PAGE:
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A Vietnam Memory
July 15, 2013 - Ray Tsuchiyama
Over dinner recently of small chicken pieces in bow pasta tossed with minced garlic, asparagus tips and mushrooms (yet another Maui meal with all ingredients from outside Maui), I told spouse C. and daughter, back from college, about an experience during lunch in Hanoi, the capital of the Socialist Republic of Vietnam.
I met a fellow American working for a U.S. high tech firm and after I arrived at his office, he took me outside to an al fresco restaurant.
I can’t recall what I ate for lunch (although I do remember calling Room Service at the Hilton Hotel – no, not the infamous POW prison where Senator John McCain was held, but a real Hilton Hotel next to the Hanoi Opera House where Ho Chi Minh suddenly proclaimed a new independent Vietnam at the end of World War II when the defeated Japanese forces were leaving Vietnam and French troops returned to continue colonial rule – and I distinctly tried to order “Chicken Pho”, the ubiquitous Vietnamese rice-noodle dish in a hearty broth, and the Room Service woman responded sadly: “No Chicken, only Beef” – since this was during the “Bird Flu” epidemic in the mid-2000s in Southeast Asia and Hong Kong).
Although I don’t recall the food, I do remember a young man coming to our table and speaking in Vietnamese to my contact, who took off his shoes and put his feet in slippers offered by the mysterious stranger.
I asked “Why did you give your shoes to him?
The American expatriate responded that while we were eating lunch, the young man would clean and shine his shoes, and by the time we were into dessert or asking for the bill, the shoes would be returned.
And so the shoes were returned to my contact, after our lunch (that I can’t recall the food). Ah, I thought, an entrepreneur making a buck (or a dong, in Vietnamese currency) of diners sitting at a restaurant for 1.5 hours -- you do this over and over, and soon there is real money (with probably a cut to the restaurant).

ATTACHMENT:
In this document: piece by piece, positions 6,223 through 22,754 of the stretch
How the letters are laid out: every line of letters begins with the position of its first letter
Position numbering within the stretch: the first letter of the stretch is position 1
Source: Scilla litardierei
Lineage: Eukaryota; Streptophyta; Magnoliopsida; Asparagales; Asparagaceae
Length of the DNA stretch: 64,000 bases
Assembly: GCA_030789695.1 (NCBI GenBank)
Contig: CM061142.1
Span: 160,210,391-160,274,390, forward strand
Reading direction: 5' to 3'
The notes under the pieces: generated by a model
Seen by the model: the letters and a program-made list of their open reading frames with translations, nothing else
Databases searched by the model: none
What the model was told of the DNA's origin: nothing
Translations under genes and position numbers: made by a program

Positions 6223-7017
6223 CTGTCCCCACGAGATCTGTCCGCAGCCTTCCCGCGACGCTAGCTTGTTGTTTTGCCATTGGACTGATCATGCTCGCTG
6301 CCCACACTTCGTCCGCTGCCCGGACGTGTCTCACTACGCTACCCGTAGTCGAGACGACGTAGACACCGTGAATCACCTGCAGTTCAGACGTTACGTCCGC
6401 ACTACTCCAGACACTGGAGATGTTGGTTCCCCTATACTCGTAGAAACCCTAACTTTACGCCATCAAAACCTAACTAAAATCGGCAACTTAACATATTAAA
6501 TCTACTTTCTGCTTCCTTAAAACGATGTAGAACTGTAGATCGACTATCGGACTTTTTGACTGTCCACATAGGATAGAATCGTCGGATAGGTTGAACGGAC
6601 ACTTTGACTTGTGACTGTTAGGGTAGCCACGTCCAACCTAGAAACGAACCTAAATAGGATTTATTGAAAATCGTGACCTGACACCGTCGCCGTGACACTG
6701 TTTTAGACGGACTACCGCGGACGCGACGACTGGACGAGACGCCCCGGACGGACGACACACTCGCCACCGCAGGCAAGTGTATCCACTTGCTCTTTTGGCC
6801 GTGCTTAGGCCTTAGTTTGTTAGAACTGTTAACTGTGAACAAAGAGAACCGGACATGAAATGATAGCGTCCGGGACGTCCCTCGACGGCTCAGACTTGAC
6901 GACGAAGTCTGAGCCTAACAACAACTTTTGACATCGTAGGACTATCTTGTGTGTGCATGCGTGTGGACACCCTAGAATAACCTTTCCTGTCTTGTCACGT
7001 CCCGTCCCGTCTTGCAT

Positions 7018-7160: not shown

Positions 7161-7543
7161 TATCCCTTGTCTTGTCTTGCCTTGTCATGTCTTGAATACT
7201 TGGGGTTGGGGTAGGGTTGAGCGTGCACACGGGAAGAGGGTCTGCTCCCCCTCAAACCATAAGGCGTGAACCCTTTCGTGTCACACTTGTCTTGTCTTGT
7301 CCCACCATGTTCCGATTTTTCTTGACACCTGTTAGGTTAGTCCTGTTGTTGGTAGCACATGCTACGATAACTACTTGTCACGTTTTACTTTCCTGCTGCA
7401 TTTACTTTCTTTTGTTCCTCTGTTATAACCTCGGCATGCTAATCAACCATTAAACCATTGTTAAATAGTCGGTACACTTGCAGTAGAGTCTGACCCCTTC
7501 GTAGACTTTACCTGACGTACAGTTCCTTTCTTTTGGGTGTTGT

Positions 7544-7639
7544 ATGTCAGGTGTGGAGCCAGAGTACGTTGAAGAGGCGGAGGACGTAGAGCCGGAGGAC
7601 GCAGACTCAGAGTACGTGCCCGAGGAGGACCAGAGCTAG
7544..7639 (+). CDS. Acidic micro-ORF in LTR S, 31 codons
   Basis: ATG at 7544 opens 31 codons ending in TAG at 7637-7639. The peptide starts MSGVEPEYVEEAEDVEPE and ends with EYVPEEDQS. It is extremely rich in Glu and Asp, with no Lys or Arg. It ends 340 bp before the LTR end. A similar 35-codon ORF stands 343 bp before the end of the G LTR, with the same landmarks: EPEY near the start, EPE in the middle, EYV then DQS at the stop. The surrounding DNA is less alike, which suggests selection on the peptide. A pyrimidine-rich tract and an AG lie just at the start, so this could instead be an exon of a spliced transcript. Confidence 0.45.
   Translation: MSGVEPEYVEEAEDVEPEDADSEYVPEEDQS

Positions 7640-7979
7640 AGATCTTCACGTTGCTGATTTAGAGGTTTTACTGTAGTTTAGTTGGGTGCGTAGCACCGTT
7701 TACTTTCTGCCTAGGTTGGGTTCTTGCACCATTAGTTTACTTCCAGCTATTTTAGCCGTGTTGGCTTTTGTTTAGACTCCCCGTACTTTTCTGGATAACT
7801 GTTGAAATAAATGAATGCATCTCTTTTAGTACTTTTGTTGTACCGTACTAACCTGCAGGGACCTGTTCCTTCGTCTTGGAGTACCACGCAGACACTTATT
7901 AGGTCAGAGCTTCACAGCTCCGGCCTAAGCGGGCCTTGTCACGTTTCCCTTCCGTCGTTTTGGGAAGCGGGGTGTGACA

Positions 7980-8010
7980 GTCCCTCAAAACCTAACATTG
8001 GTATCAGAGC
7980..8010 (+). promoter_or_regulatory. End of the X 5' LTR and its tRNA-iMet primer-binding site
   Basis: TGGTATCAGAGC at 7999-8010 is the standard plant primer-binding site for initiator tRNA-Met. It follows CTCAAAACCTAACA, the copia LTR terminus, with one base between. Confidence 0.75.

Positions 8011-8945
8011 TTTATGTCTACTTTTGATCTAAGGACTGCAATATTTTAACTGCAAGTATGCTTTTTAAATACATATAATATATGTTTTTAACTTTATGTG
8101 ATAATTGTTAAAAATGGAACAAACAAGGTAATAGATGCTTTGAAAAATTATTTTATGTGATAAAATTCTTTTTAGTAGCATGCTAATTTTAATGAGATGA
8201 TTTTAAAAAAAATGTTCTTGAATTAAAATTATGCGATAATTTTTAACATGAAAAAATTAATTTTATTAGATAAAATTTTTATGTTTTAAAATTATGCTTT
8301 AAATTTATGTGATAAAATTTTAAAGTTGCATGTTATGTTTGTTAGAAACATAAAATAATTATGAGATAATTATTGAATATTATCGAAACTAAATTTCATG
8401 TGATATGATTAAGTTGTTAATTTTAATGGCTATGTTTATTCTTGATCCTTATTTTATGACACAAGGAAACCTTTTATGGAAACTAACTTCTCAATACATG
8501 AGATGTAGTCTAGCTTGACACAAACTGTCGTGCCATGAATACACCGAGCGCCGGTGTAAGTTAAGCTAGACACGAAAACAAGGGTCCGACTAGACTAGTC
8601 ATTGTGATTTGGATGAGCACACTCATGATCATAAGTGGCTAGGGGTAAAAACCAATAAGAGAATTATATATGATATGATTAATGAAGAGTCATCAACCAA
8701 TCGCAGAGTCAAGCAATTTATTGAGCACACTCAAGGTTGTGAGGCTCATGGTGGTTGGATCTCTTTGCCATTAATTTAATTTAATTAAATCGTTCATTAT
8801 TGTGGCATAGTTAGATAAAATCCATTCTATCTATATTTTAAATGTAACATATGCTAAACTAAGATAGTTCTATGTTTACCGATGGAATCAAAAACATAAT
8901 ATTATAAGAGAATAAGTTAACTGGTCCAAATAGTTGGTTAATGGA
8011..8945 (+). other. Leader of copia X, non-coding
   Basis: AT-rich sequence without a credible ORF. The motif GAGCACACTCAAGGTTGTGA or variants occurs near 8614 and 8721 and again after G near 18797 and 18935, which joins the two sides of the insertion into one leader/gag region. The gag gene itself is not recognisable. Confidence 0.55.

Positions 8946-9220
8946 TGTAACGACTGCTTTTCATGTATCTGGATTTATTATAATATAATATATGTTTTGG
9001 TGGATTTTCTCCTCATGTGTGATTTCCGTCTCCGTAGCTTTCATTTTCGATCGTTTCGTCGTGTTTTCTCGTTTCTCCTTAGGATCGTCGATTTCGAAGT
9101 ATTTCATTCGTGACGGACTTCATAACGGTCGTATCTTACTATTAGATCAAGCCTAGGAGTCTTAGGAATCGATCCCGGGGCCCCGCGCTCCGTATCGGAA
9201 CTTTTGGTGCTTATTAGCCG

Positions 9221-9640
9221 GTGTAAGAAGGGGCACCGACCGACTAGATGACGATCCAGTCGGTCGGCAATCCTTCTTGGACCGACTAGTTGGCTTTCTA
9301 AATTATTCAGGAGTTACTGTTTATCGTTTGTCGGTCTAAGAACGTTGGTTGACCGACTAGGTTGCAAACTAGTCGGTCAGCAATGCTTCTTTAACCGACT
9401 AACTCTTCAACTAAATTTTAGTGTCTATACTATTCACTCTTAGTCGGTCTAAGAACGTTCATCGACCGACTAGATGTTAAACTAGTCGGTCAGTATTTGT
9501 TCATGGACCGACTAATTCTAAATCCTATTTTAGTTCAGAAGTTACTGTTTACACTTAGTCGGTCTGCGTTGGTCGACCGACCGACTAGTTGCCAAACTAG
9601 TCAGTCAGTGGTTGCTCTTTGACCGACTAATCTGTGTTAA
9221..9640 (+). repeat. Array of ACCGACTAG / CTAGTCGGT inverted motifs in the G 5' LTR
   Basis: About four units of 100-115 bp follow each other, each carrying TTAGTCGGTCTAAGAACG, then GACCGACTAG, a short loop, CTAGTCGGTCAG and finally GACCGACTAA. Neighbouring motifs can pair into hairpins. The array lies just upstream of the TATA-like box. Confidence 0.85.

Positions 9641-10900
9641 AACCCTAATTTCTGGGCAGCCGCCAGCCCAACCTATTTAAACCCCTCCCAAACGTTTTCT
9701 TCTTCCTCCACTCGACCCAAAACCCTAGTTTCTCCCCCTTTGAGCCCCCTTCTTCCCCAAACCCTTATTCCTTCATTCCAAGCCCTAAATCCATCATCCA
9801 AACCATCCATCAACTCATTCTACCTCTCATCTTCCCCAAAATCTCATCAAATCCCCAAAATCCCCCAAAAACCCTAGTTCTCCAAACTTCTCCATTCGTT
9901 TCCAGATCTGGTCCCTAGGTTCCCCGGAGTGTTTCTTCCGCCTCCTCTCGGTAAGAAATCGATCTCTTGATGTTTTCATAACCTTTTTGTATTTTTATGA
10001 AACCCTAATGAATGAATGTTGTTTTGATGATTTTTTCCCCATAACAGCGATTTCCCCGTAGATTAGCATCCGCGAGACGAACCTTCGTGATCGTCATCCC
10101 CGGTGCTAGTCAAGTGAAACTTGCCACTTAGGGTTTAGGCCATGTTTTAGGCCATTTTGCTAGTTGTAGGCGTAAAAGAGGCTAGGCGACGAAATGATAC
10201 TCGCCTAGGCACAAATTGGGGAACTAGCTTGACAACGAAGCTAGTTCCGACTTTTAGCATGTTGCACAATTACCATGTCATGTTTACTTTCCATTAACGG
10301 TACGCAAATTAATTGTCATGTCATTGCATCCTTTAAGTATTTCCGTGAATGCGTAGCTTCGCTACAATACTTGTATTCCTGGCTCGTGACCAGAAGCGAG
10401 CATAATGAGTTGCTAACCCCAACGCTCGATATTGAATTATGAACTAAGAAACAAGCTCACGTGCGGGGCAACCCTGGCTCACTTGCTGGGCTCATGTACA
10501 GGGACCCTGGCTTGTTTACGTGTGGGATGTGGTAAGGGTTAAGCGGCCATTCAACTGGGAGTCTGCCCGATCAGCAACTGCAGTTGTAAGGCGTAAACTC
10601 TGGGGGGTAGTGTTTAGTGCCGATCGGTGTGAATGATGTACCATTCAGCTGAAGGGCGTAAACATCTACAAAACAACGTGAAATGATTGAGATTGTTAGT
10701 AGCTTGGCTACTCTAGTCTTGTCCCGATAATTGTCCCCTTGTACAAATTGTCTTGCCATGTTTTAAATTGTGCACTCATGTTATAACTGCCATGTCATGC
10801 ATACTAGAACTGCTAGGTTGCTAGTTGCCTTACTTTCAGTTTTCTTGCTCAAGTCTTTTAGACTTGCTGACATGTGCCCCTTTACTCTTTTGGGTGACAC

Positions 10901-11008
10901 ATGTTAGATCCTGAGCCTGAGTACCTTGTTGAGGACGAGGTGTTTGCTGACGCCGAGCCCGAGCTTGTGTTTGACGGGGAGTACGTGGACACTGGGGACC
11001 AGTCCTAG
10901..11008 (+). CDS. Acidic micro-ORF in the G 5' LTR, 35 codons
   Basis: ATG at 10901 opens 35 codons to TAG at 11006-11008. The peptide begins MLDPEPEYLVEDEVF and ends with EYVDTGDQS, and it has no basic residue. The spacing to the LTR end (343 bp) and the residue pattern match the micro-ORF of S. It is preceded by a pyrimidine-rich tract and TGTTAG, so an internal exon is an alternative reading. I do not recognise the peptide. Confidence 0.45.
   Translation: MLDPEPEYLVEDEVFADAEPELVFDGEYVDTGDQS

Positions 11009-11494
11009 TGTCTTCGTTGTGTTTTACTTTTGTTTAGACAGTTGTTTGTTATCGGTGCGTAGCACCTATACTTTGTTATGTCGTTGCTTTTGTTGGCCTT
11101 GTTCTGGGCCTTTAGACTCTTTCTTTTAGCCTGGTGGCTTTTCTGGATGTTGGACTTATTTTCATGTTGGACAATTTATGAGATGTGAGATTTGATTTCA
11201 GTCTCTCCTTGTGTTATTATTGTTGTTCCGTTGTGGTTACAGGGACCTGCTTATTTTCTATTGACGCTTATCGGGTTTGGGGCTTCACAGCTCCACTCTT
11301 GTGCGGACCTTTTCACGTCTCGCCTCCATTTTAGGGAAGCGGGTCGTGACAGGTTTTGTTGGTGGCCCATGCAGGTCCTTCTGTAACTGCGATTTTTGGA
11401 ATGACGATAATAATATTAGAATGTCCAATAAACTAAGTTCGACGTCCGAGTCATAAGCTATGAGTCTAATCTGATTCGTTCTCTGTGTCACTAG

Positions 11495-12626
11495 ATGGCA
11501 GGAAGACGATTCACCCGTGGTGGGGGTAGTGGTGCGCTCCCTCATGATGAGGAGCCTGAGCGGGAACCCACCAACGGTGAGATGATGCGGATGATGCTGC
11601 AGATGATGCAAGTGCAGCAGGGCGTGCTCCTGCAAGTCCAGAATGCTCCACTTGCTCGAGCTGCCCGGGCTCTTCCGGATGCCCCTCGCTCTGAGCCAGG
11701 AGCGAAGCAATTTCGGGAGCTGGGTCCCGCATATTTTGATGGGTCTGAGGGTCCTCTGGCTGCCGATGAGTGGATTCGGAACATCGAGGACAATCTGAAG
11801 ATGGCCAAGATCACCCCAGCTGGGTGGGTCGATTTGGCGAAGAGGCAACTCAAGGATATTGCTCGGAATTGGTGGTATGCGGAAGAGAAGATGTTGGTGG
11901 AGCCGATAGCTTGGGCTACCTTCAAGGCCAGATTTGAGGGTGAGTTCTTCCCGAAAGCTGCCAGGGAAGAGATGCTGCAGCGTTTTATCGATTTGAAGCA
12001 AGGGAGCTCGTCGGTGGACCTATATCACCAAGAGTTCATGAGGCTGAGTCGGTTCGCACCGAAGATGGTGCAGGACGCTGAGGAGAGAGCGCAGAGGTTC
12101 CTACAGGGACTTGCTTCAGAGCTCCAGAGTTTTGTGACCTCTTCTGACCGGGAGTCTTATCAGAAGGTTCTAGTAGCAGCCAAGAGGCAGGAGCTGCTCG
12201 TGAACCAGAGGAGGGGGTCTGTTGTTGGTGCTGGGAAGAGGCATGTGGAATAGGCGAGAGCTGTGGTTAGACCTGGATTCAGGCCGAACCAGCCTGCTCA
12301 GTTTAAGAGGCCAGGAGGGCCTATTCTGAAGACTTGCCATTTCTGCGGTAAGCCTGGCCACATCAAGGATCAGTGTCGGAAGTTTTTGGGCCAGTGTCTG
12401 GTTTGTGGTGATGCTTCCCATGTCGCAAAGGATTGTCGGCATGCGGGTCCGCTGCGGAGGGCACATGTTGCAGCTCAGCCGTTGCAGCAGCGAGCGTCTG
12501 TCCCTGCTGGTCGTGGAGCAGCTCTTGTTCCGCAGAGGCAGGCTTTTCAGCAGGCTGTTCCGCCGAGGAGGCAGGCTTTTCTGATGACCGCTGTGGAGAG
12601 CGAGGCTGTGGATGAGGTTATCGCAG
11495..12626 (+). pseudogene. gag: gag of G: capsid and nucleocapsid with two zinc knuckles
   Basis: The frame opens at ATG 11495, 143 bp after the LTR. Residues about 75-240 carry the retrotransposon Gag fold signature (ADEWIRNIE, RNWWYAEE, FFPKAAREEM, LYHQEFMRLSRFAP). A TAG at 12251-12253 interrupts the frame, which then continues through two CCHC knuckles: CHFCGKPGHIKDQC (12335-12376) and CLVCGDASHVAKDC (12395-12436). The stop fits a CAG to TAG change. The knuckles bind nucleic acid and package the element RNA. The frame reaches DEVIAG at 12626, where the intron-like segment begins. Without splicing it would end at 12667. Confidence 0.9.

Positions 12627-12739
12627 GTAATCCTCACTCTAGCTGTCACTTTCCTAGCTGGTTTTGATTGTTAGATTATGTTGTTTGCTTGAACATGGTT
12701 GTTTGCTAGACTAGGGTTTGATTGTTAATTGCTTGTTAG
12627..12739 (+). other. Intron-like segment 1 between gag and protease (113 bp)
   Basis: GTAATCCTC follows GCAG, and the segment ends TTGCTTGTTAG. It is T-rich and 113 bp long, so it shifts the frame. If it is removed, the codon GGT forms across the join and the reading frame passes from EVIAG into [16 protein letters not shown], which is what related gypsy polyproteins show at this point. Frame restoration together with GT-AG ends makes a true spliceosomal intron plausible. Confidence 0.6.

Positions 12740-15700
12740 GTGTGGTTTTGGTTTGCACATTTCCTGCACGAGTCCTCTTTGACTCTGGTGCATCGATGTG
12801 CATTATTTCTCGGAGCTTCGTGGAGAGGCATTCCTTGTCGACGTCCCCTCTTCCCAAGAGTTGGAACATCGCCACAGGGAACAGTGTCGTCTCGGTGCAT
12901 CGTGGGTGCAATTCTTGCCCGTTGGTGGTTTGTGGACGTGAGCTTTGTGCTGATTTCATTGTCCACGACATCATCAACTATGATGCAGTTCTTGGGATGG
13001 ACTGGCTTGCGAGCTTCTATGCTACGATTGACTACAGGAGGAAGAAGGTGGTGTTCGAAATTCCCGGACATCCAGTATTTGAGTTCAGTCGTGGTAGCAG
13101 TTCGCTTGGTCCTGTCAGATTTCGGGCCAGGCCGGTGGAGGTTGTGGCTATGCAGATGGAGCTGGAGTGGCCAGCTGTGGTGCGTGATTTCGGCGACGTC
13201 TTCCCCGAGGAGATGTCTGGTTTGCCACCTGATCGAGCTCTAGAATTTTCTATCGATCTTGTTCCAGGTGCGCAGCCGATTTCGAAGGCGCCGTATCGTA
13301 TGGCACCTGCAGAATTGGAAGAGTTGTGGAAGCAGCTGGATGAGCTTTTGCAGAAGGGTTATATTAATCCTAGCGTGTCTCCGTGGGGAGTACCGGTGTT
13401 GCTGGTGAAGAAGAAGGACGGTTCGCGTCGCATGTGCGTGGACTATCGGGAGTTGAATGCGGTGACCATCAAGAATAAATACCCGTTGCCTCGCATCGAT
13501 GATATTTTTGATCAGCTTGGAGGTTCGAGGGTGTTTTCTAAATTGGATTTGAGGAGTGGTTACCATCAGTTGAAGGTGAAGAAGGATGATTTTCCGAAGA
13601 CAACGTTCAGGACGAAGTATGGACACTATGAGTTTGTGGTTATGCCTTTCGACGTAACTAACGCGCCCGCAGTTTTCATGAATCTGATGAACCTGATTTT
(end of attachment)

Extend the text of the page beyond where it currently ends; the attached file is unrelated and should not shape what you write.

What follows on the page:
But as Vietnam “modernizes” (in a shorter time compared to now-post-industrial countries) I could see the young man, who probably moved to Hanoi from the countryside to make a new life, would move into another business, and his children, with a technical education, would enter software engineering out-sourcing careers or hospitality or manage new jeans factories. There won’t be a replacement shoe-shine person at the restaurant, I am sure, if I returned there next week.
In the 1960s I recall as a boy I encountered men still in the shoeshine business at various downtown Honolulu places, even at the lobby of the now-gone Alexander Hotel. There may have been a shoeshine corner at the old Liberty House (now Macys) in downtown Honolulu (now slated to become a Wal-Mart) or at the Ala Moana shopping center, but I am not sure. My point is that when an “older” city evolves into a fast-moving one with money and opportunities flowing around quickly, shoeshine places disappear (along with small, personalized shops in general, perhaps catering many years ago to cigars or tailor-made suits).
Shoeshines reflect a time when people moved more slowly, ate more leisurely meals, read more books, and spent quality time talking on many topics with people who were waiters or barbers or couples sitting in the next bench in a park.
Moreover, few men (or women) in 2013 own quality-made shoes that lasted for decades and like a vintage car, they used to invest in new heels every several years and . . . shoeshines.
See for background my Vietnam visits: Recalling Hanoi the Capital of the Socialist Republic of Vietnam
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